There’s no such thing as bad weather, only inappropriate clothing.
When I ask workshop participants and coaching clients what they’re hoping to gain from our work together and we begin to write down goals, they often say they want to learn how not to take the conflict personally. It’s a very common theme.
I look at this a lot, because I want that, too. In Don Miguel Ruiz’s insightful book, The Four Agreements, one of the agreements he suggests we make with ourselves to have a happier life is just this: “Don’t Take Anything Personally.”
Benjamin Zander, author, motivational speaker, and conductor of the Boston Philharmonic, often
quotes his father as saying, “There is no such thing as bad weather, only inappropriate clothing.”
I live in New Hampshire where winter can make each day a challenge. And, especially when I have to travel in snow and ice, I can even take the weather personally!
So how to we actually do it — not take things personally?
Personally, here’s what I do.
1) I reframe
I reframe it as not personal. Even when it seems to be, even when it hurts, I remember it isn’t about me. People do what they do because of who they are, not because of who you are. For example, when I imagine other ways the person might have behaved, I understand they chose this particular option because of their background, worldview, or perception of me, which may or may not be accurate.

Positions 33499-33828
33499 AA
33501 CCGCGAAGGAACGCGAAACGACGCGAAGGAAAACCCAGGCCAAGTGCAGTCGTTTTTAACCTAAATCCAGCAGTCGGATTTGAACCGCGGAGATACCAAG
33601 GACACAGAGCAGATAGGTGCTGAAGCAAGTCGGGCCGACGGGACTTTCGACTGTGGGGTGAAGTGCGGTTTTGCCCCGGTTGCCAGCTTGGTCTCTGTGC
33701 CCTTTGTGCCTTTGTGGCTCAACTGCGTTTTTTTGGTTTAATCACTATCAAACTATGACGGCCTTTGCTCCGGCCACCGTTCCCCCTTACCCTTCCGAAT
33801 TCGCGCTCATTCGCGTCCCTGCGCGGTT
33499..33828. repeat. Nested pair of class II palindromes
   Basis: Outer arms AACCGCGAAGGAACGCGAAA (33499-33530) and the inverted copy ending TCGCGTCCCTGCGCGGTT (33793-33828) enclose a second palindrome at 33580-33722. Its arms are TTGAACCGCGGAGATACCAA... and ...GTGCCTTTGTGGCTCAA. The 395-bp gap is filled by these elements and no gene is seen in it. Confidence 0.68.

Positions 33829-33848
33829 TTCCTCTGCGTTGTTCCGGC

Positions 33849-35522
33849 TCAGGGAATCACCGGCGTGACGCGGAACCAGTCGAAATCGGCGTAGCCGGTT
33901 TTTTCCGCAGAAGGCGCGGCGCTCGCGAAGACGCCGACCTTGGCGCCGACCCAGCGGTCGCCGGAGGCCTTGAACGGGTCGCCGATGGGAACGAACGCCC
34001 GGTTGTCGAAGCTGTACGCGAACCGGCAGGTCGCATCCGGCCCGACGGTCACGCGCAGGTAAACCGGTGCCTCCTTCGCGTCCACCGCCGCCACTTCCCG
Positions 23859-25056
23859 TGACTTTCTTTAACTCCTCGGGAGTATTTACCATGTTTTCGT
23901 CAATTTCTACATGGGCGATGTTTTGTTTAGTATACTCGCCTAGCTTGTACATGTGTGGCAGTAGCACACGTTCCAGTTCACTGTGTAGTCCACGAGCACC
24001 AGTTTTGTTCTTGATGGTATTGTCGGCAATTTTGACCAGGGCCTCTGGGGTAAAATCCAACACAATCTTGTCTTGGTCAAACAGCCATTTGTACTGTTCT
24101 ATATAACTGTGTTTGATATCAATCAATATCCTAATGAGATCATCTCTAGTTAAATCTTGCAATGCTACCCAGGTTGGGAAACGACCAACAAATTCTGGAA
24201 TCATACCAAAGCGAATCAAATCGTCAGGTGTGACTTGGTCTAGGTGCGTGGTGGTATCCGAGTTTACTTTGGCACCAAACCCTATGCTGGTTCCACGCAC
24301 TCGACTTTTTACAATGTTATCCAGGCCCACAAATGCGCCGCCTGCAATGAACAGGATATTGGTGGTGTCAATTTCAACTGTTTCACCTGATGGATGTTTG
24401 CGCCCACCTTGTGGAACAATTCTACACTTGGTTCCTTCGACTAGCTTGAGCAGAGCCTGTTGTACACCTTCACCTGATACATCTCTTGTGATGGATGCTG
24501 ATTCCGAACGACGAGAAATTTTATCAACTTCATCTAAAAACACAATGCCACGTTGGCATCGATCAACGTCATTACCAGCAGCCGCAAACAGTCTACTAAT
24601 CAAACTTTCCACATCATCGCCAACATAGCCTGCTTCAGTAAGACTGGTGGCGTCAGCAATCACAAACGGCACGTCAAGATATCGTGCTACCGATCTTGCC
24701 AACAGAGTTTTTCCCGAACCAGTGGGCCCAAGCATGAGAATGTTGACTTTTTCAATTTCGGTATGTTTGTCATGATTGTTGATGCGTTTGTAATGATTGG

2) I stop assuming
I stop assuming I know I anything about them. Assuming I know someone else’s motives is a kind of judgment of them, and I’ve found that assumptions and judgments of others’ motives is a trap — for them and for me. So I try to stay proactive with my inner and outer responses. And if their motives are disingenuous or malicious, I find out more quickly and can take steps to keep myself out of harm’s way. I might choose to avoid them or engage them in dialogue about the impact of their actions.
3) I stay curious
I stay curious about myself and the situation. I notice the assumptions I’m making and the reactions I’m about to have. Maybe my assumptions are accurate, and maybe they aren’t. What appears as anger directed at me may be general frustration at an unexpected outcome. When my family member says, “You never listen to me,” I can choose to hear it as a criticism or a call for support. I respond differently depending on how I choose.
On the wall in the waiting room of my health care provider hangs a sentence written by Plato over two centuries ago: “Be kind, for everyone you meet is fighting a hard battle.” As you move into the new year, resolve to notice when you’re making it personal, and see if it’s more purposeful to make a different choice. We invent life moment to moment. Invent it with clarity of intention.